Green Party energy spokesperson Cllr Andrew Cooper has condemned the huge cuts the government has proposed to the feed-in tariff for solar energy. Under plans put forward by the Department for Energy and Climate Change, the amount paid to homeowners producing electricity from roof-top solar panels will fall dramatically, from the current level of 12.92p to just 1.63p. Science and technology spokesperson James Abbott, meanwhile, described the government’s claim to be the “greenest government ever” as a “sick joke”.
“It is ludicrous that the renewables sector does not have at least the same degree of support and certainty that the government is providing for new nuclear power stations and fracking.
“Currently only around 1.5% of UK homes have solar panels on their roofs. If we are serious about addressing climate change, reducing fuel bills and addressing fuel poverty then we need to be investing in renewable technologies, not cutting them.
“The cuts to the feed-in tariff will have only a negligible impact on energy bills but will have a destabilising effect on the whole UK solar industry, threatening thousands of jobs. This proposed cut makes no sense for business and threatens our meagre carbon reduction targets.”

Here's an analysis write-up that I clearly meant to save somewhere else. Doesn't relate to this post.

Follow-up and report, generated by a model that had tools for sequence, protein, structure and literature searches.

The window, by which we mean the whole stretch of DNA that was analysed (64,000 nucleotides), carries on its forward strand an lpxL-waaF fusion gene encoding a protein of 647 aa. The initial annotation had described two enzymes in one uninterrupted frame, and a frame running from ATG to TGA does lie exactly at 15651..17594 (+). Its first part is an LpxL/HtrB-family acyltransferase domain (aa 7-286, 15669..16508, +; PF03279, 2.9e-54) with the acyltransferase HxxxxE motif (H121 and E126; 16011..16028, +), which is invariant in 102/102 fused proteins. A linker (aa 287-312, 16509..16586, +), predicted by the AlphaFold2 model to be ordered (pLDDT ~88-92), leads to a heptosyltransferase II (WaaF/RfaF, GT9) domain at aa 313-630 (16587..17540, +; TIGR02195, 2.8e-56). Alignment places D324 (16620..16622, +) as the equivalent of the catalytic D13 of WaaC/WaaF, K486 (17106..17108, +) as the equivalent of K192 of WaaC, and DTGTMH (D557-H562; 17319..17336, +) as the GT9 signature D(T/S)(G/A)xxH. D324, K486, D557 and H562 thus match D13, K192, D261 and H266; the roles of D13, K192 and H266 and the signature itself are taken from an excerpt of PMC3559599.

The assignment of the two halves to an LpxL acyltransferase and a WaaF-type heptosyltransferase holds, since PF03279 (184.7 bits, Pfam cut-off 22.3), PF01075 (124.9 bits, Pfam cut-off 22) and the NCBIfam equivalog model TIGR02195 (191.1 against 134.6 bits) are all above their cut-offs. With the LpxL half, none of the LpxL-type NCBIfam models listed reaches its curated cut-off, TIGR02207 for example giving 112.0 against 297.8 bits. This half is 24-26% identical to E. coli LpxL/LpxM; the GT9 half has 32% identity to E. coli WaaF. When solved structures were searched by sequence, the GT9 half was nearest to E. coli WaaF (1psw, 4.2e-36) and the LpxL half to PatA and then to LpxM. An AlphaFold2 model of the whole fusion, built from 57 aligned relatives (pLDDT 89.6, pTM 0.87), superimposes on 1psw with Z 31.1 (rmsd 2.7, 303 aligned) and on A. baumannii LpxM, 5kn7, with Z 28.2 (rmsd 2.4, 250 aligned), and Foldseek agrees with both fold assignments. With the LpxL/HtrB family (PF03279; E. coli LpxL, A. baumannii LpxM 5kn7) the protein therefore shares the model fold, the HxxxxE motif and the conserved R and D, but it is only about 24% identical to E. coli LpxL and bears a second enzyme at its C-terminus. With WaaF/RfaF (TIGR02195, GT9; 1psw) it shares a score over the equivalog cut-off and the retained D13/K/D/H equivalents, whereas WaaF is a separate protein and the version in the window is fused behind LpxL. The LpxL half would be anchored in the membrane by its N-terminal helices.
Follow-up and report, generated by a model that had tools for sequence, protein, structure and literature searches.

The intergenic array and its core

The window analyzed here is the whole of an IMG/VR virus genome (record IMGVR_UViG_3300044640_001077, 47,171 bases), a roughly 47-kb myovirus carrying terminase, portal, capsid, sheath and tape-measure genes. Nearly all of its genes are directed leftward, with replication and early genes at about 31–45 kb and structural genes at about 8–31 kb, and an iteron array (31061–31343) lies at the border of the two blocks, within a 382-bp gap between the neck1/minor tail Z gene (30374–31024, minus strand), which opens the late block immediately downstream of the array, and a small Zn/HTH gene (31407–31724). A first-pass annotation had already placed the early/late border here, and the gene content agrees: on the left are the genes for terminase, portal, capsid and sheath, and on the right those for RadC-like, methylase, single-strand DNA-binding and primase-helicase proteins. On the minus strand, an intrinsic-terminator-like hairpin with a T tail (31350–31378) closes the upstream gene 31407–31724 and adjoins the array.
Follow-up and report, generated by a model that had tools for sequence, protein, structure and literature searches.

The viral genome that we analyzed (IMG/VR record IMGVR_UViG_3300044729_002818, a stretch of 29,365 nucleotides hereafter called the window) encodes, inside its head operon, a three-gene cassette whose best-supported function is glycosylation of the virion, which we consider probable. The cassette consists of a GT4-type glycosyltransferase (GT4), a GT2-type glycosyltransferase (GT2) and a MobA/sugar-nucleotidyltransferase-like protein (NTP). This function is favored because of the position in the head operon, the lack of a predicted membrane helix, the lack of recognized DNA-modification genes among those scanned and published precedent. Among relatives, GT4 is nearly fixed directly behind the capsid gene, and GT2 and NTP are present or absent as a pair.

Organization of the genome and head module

“These further cuts, considered alongside all the other moves by the Conservatives to reduce support for renewables and energy efficiency since the election, are simply ideological. The claim to be the ‘greenest government ever’ is now just a sick joke and the only people laughing are the climate sceptics and their friends in the fossil fuel industries.
“The Conservative position on green energy is not only ideological, it is illogical. Renewables will be key to cutting carbon emissions and improving air quality, both of which the Government says it is still committed to doing.
“It also makes no sense looking at the implications for economic security – renewables offer the UK a secure source of clean, home grown energy. Because of its geography and climate the UK has some of the best renewable energy resources in Europe. If the renewables sector does not grow to meet its undoubted potential, the UK will still need to rely on imported energy, with all the uncertainties and risks that involves.”